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Senator Michael Bennet wants federal abortion rights protections, and he's concerned about US democracy

The U.S. Capitol
J. Scott Applewhite

We recently heard from US Senator Michael Bennet in conversation with Rocky Mountain Community Radio's Gavin Dahl. Now, we bring you the second part of that interview in which Sen. Bennet discusses federal efforts to protect abortion rights and his concerns about our democracy.

Gavin Dahl, Rocky Mountain Community Radio: The US Supreme Court overturned Roe v. Wade last month, you and quite a few Democratic colleagues have introduced legislation called the Freedom to Travel for Healthcare Act, to protect the right to cross state lines, to seek reproductive healthcare. How exactly are you trying to protect women with this bill?

Senator Michael Bennet: You know, this is the first time in American history that a fundamental constitutional right has been stripped from the American people, and it's a tragedy for our society, it's a tragedy for women all over this country, and we can't have this ruling be the last word.

We've got to elect people to Congress and to state legislatures to make sure that a woman's right to choose is protected. You know, the Supreme Court didn't ban abortion, but they overturned Roe v. Wade, and there are states around the country that have banned abortion, but that's not enough. They're now trying to pass laws that would make it illegal for women to go from one state to another to access abortion services. Think about that for a second. I mean, the idea that they would have law enforcement chasing women down. This bill would simply say that states can't do that.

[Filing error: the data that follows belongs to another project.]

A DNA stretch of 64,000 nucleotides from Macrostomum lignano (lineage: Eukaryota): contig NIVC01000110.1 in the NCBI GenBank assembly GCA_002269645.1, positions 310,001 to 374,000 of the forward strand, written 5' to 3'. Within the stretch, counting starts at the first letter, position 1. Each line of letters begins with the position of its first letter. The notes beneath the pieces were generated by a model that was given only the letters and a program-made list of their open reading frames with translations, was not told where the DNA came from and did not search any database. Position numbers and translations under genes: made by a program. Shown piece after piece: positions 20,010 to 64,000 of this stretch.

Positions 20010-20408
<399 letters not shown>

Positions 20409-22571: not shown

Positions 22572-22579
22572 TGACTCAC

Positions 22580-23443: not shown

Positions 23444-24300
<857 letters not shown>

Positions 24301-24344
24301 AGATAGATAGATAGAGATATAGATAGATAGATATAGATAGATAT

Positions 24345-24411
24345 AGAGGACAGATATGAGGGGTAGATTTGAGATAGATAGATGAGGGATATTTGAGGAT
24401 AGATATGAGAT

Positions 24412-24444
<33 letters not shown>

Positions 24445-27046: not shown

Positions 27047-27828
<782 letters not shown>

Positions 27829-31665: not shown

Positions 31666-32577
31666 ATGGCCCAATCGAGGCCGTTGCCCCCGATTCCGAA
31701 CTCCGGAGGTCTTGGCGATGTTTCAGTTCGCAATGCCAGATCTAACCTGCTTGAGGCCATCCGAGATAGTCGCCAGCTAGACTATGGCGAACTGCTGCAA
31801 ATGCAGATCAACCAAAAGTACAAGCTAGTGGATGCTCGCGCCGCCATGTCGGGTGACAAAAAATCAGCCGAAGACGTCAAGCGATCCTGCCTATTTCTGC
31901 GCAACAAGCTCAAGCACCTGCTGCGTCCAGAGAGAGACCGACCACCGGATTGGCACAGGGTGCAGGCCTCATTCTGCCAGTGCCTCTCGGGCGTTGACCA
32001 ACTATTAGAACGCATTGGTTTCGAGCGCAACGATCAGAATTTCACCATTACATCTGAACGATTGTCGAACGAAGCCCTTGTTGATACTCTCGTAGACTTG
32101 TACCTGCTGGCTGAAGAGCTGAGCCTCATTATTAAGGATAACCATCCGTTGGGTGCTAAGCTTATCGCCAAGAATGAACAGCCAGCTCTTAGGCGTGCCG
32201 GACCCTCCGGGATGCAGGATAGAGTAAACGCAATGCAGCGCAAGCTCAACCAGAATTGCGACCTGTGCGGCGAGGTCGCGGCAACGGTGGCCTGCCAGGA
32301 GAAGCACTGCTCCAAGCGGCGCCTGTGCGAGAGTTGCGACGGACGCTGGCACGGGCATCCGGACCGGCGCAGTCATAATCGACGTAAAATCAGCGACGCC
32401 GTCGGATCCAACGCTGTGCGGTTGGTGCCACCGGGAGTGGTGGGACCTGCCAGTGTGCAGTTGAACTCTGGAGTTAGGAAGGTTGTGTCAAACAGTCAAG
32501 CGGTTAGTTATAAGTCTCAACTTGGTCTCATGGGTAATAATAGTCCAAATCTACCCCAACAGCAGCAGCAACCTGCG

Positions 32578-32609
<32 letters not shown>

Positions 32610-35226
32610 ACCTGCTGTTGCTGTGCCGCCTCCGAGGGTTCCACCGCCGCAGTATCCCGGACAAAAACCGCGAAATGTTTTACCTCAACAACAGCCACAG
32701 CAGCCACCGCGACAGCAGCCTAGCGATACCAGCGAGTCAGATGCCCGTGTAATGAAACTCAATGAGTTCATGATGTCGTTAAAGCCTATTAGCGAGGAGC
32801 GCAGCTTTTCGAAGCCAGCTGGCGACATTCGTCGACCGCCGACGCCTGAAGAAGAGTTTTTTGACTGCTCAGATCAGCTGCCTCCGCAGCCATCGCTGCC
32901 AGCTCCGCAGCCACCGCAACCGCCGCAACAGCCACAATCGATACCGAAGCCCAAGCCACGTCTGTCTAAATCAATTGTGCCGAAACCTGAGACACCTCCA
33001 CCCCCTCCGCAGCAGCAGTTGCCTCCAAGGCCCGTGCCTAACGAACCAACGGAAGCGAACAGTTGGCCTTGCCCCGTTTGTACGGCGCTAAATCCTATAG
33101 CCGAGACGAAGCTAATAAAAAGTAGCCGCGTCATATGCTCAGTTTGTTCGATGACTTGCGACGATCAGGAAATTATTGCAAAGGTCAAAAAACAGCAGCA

And it certainly seems to me that if you look at the commerce clause and understand anything about the constitution, that such a law would be unconstitutional, but I would also say we should ask ourselves for a moment what it means. If we turn into a society where elected politicians are passing laws to restrain women from moving from one place in America to another place in America.

There are hard feelings on both sides of this issue, I understand that, but you know, I have always believed that this should be a decision between a woman and her doctor, not the state, not elected officials, telling them they have to carry a pregnancy to term, but now they're not even just saying that, they're saying we are gonna restrict your movement, not allow you to travel outside our state. That is despicable I think.

GD: Another controversial decision from the Supreme Court last month constrains the Environmental Protection Agency's authority to limit pollution and protect public health. How significant is this rollback of the bipartisan Clean Air Act?